Assembly of First Nations Tells House of Commons Committee about Dange...
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ASSEMBLY OF FIRST NATIONS
Transmitted by CNW Group on : Feburary 10, 2005 15:45
Assembly of First Nations Tells House of Commons Committee about Dangers of Asbestos-laden Vermiculite Insulation in Reserve Housing
OTTAWA, Feb. 10 /CNW Telbec/ - On behalf of the Assembly of First Nations
and his community, Chief Lance Haymond of Eagle Village First Nation today
made a presentation to the House of Commons Standing Committee on Aboriginal
Affairs and Northern Development detailing the dangers of the asbestos-laden
vermiculite insulation used in hundreds of on-reserve houses.
Chief Haymond discussed the dangers of vermiculite and the urgent need
for a swift response to deal with a crisis that expands well-beyond the scope
of earlier Indian and Northern Affairs Canada (INAC) estimates.
Chief Haymond pointed out that an INAC search "identified 28 homes in the
Quebec Region with possible Vermiculite contamination and zero in Eagle
Village, (but) Eagle Village underwent its own self-identification process and
identified 17 homes with Vermiculite contamination." Indian and Northern
Affairs Canada have stated that 597 homes nationally are contaminated by
Chief Haymond also detailed Eagle Village's response to their vermiculite
"We completed a study on removal and chose to train our own people,
creating the in-house capacity to provide remediation services," said Chief
Haymond. "However, this is not an option for many communities, due to a lack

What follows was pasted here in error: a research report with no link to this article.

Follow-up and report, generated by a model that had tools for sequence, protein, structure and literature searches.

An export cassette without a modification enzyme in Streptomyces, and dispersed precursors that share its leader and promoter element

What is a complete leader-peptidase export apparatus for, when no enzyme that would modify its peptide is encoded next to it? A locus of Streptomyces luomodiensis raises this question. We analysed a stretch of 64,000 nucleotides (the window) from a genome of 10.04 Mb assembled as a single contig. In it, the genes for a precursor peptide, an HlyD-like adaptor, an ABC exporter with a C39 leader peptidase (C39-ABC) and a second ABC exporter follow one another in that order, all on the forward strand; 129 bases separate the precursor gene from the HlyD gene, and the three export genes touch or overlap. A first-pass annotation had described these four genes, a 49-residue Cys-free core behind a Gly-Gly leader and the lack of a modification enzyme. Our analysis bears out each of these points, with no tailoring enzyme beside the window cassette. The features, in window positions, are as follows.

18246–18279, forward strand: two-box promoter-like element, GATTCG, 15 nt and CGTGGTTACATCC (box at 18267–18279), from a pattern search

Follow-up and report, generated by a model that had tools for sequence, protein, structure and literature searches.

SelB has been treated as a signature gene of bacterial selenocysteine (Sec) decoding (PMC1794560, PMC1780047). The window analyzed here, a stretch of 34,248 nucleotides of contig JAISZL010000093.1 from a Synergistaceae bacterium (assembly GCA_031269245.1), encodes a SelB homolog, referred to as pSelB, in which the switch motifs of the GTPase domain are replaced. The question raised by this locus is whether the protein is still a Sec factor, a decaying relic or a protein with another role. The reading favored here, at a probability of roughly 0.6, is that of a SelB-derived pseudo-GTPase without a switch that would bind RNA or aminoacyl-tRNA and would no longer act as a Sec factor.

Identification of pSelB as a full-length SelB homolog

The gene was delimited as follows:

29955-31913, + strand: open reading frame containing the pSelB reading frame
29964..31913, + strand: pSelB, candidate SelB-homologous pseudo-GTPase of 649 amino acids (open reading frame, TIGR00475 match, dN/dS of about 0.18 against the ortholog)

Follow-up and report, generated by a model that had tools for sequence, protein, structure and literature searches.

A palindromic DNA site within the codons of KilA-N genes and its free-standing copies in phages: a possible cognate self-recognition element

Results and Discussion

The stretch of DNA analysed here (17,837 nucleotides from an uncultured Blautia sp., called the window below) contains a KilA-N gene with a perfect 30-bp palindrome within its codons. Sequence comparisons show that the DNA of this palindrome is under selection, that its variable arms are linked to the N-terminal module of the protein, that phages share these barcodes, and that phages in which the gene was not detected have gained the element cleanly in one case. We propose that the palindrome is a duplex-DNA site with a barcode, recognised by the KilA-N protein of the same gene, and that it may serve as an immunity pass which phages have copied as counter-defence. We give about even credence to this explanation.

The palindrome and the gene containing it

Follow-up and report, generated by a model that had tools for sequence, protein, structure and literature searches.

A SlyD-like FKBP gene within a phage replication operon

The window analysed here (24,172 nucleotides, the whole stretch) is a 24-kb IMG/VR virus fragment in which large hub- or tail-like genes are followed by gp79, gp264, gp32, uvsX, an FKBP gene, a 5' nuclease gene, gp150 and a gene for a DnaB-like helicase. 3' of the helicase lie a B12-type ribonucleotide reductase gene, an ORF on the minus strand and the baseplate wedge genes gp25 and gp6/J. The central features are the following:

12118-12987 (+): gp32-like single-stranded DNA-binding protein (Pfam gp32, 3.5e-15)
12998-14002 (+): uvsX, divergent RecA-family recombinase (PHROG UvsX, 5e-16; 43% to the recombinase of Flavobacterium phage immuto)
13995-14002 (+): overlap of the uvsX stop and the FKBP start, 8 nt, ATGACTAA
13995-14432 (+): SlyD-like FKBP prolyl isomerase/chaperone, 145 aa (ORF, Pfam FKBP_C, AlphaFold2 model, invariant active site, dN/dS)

of appropriate resources."
Given the state of much on-reserve housing, Chief Haymond said the
federal government's statement that "the insulation will not pose a risk if
left undisturbed" is inadequate.
"This recommendation assumes that the housing unit is... in an average
state of maintenance," said Chief Haymond. "The Auditor General's Report noted
that, of the entire First Nations housing stock, 44% requires renovation. To
say 'do not disturb the insulation' is not adequate."
Chief Haymond pointed out that AFN estimates for a National Vermiculite
Remediation Program would require a one-time investment of $9 million. In
addition, Chief Haymond called on the Standing Committee to support funding to
address the critical shortfalls in on-reserve housing highlighted by the
vermiculite crisis, as well as support for the development of First Nations-
led housing programs and authorities, as detailed in the AFN's Pre-Budget
Assembly of First Nations National Chief Phil Fontaine stated that
improving housing and creating new units to deal with the massive shortfall on-
reserve are urgent priorities for First Nations and the AFN.
"In light of the long-standing condition of First Nations housing and the
information about asbestos-laden insulation, it is not going too far to say
that this is literally a life and death issue," said National Chief Fontaine.
"We need to see a commitment immediately in the upcoming federal budget to
address this issue, as well as working together to support First Nations
taking control over local housing issues. This means we need resources to
cover the management and administration of a Housing Program under the
direction of regional First Nations organizations, Tribal Councils, bands and
The Assembly of First Nations is the national organization representing
First Nations citizens in Canada.
/For further information: Don Kelly, AFN Communications Director,
(613) 241-6789, ext. 320 or cell.: (613) 292-2787; Ian McLeod, AFN Bilingual
Communications Officer, (613) 241-6789, ext. 336 or cell.: (613) 859-4335;
Nancy Pine, Communications Advisor, Office of the National Chief,
(613) 241-6789, ext. 243 or cell.: (613) 298-6382/
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